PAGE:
A. Drezet, D. Koller, A. Hohenau, A. Leitner, F. R. Aussenegg, and J. R. Krenn, “Plasmonic crystal demultiplexer and multiports,” Nano Lett. 7(6), 1697–1700 (2007). [CrossRef] [PubMed]

29.

A. Noual, A. Akjouj, Y. Pennec, J. N. Gillet, and B. Djafari-Rouhani, “Modeling of two-dimensional nanoscale Y-bent plasmonic waveguides with cavities for demultiplexing of the telecommunication wavelengths,” N. J. Phys. 11(10), 103020 (2009). [CrossRef]

30.

M. S. Kumar, X. Piao, S. Koo, S. Yu, and N. Park, “Out of plane mode conversion and manipulation of Surface Plasmon Polariton waves,” Opt. Express 18(9), 8800–8805 (2010). [CrossRef] [PubMed]

31.

J. Tao, X. G. Huang, and J. H. Zhu, “A wavelength demultiplexing structure based on metal-dielectric-metal plasmonic nano-capillary resonators,” Opt. Express 18(11), 11111–11116 (2010). [CrossRef] [PubMed]

32.

F. Hu, H. Yi, and Z. Zhou, “Wavelength demultiplexing structure based on arrayed plasmonic slot cavities,” Opt. Lett. 36(8), 1500–1502 (2011). [CrossRef] [PubMed]

33.

H. A. Haus, Waves and Fields in Optoelectronics (Englewood Cliffs, NJ: Prentice-Hall, 1984), Chap. 7.

34.

H. Ren, C. Jiang, W. Hu, M. Gao, and J. Wang, “Photonic crystal channel drop filter with a wavelength-selective reflection micro-cavity,” Opt. Express 14(6), 2446–2458 (2006). [CrossRef] [PubMed]

35.

A. Taflove and S. C. Hagness, Computational Electrodynamics: The Finite-Difference Time-Domain Method, 2nd ed. (Artech House, Boston) 2000.

OCIS Codes
(060.4230) Fiber optics and optical communications : Multiplexing
(130.3120) Integrated optics : Integrated optics devices
(240.6680) Optics at surfaces : Surface plasmons
(130.7408) Integrated optics : Wavelength filtering devices

ToC Category:
Integrated Optics

History
Original Manuscript: April 13, 2011
Revised Manuscript: June 13, 2011
Manuscript Accepted: June 13, 2011
Published: June 20, 2011

Citation
Hua Lu, Xueming Liu, Yongkang Gong, Dong Mao, and Leiran Wang, "Enhancement of transmission efficiency of nanoplasmonic wavelength demultiplexer based on channel drop filters and reflection nanocavities," Opt. Express 19, 12885-12890 (2011)
http://www.opticsinfobase.org/oe/abstract.cfm?URI=oe-19-14-12885


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References

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  22. X. S. Lin and X. G. Huang, “Tooth-shaped plasmonic waveguide filters with nanometeric sizes,” Opt. Lett. 33(23), 2874–2876 (2008). [CrossRef] [PubMed]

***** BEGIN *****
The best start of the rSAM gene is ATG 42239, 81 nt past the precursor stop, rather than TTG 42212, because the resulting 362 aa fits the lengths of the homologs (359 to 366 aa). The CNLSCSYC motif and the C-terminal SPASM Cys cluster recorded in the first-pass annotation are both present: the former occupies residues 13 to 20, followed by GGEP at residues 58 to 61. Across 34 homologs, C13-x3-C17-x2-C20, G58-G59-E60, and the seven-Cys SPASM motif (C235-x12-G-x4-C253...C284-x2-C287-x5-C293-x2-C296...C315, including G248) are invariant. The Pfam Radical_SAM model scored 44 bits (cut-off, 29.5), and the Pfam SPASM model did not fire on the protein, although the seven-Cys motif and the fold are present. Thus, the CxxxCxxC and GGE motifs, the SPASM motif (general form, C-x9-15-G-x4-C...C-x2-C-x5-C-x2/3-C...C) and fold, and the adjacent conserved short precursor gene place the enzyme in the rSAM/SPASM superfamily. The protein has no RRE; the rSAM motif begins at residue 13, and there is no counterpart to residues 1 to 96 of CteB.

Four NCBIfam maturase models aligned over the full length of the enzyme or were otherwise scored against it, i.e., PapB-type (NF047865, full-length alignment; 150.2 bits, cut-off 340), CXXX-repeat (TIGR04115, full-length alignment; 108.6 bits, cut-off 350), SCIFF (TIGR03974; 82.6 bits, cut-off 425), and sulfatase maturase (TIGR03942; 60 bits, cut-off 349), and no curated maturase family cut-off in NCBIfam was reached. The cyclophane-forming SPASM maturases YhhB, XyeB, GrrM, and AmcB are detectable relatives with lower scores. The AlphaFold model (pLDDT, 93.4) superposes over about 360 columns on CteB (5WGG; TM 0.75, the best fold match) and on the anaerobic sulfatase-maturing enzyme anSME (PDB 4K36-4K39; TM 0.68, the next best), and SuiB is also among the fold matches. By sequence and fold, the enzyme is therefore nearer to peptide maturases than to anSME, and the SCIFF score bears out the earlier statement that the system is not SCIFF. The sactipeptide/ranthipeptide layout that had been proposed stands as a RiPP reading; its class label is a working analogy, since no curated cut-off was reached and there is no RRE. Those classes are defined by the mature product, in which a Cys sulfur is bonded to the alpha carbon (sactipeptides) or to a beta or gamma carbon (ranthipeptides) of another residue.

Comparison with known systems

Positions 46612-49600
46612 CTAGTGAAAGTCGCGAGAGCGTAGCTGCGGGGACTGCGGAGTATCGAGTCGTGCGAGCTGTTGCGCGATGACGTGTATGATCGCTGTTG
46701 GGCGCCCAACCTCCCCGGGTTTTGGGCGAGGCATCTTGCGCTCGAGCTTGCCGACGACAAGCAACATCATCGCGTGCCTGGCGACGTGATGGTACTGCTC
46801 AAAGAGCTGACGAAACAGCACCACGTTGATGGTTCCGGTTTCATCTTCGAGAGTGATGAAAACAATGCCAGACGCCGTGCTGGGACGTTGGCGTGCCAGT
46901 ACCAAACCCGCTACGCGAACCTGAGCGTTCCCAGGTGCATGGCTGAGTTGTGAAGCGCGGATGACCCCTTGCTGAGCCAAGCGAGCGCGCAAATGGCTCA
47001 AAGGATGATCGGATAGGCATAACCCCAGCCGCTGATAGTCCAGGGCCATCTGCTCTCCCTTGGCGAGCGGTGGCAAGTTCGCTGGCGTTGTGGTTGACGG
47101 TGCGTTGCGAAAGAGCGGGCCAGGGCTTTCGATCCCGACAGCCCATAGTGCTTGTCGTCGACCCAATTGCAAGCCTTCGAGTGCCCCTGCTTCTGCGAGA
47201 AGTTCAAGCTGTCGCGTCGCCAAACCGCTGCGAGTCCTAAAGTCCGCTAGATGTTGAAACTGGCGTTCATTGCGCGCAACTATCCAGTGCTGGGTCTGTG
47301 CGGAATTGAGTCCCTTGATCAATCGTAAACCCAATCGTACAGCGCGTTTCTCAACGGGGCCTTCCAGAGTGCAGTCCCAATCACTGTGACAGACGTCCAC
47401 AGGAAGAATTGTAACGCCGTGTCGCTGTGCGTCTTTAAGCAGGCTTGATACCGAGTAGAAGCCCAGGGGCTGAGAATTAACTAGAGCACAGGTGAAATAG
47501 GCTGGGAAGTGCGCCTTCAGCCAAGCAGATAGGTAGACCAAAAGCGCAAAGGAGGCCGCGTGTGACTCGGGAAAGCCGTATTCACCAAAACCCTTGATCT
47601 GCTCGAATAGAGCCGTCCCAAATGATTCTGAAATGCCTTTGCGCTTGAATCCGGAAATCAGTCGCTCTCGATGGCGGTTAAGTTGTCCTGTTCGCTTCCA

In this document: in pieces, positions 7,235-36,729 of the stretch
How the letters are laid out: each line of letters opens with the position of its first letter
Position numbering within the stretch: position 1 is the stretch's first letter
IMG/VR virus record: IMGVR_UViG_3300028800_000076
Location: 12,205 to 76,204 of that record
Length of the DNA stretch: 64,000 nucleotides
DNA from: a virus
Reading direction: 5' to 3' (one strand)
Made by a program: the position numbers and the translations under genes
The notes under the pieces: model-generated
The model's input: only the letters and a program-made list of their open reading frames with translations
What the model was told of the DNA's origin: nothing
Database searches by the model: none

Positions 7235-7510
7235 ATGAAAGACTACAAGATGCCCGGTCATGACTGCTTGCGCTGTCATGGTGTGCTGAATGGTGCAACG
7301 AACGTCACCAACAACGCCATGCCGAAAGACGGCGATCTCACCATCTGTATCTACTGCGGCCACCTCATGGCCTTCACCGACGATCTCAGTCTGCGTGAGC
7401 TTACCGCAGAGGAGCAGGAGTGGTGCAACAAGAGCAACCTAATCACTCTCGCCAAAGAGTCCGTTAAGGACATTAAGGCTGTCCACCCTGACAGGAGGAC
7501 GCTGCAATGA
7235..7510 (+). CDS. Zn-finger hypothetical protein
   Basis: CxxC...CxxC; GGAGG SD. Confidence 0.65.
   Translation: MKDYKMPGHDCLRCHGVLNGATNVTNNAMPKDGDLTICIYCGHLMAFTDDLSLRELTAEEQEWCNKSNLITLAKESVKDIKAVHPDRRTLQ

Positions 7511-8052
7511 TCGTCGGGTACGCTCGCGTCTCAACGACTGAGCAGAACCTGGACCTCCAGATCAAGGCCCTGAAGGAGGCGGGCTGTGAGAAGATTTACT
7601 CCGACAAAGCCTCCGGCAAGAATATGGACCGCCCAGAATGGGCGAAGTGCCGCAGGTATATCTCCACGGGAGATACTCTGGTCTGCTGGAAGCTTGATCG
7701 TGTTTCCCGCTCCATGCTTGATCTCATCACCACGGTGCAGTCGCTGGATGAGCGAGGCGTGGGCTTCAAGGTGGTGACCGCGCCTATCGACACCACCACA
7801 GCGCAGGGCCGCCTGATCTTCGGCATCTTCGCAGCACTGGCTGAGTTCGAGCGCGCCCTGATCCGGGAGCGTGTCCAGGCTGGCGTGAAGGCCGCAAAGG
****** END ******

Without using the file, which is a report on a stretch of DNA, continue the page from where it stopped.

23. A. Hosseini and Y. Massoud, “Nanoscale surface Plasmon based resonator using rectangular geometry,” Appl. Phys. Lett. 90(18), 181102 (2007). [CrossRef]
  24. Q. Zhang, X. G. Huang, X. S. Lin, J. Tao, and X. P. Jin, “A subwavelength coupler-type MIM optical filter,” Opt. Express 17(9), 7549–7554 (2009). [CrossRef] [PubMed]
  25. T. B. Wang, X. W. Wen, C. P. Yin, and H. Z. Wang, “The transmission characteristics of surface plasmon polaritons in ring resonator,” Opt. Express 17(26), 24096–24101 (2009). [CrossRef] [PubMed]
  26. H. Lu, X. M. Liu, D. Mao, L. R. Wang, and Y. K. Gong, “Tunable band-pass plasmonic waveguide filters with nanodisk resonators,” Opt. Express 18(17), 17922–17927 (2010). [CrossRef] [PubMed]
  27. I. Chremmos, “Magnetic field integral equation analysis of interaction between a surface plasmon polariton and a circular dielectric cavity embedded in the metal,” J. Opt. Soc. Am. A 26(12), 2623–2633 (2009). [CrossRef] [PubMed]
  28. A. Drezet, D. Koller, A. Hohenau, A. Leitner, F. R. Aussenegg, and J. R. Krenn, “Plasmonic crystal demultiplexer and multiports,” Nano Lett. 7(6), 1697–1700 (2007). [CrossRef] [PubMed]
  29. A. Noual, A. Akjouj, Y. Pennec, J. N. Gillet, and B. Djafari-Rouhani, “Modeling of two-dimensional nanoscale Y-bent plasmonic waveguides with cavities for demultiplexing of the telecommunication wavelengths,” N. J. Phys. 11(10), 103020 (2009). [CrossRef]
  30. M. S. Kumar, X. Piao, S. Koo, S. Yu, and N. Park, “Out of plane mode conversion and manipulation of Surface Plasmon Polariton waves,” Opt. Express 18(9), 8800–8805 (2010). [CrossRef] [PubMed]
  31. J. Tao, X. G. Huang, and J. H. Zhu, “A wavelength demultiplexing structure based on metal-dielectric-metal plasmonic nano-capillary resonators,” Opt. Express 18(11), 11111–11116 (2010). [CrossRef] [PubMed]
  32. F. Hu, H. Yi, and Z. Zhou, “Wavelength demultiplexing structure based on arrayed plasmonic slot cavities,” Opt. Lett. 36(8), 1500–1502 (2011). [CrossRef] [PubMed]
  33. H. A. Haus, Waves and Fields in Optoelectronics (Englewood Cliffs, NJ: Prentice-Hall, 1984), Chap. 7.
  34. H. Ren, C. Jiang, W. Hu, M. Gao, and J. Wang, “Photonic crystal channel drop filter with a wavelength-selective reflection micro-cavity,” Opt. Express 14(6), 2446–2458 (2006). [CrossRef] [PubMed]
  35. A. Taflove and S. C. Hagness, Computational Electrodynamics: The Finite-Difference Time-Domain Method, 2nd ed. (Artech House, Boston) 2000.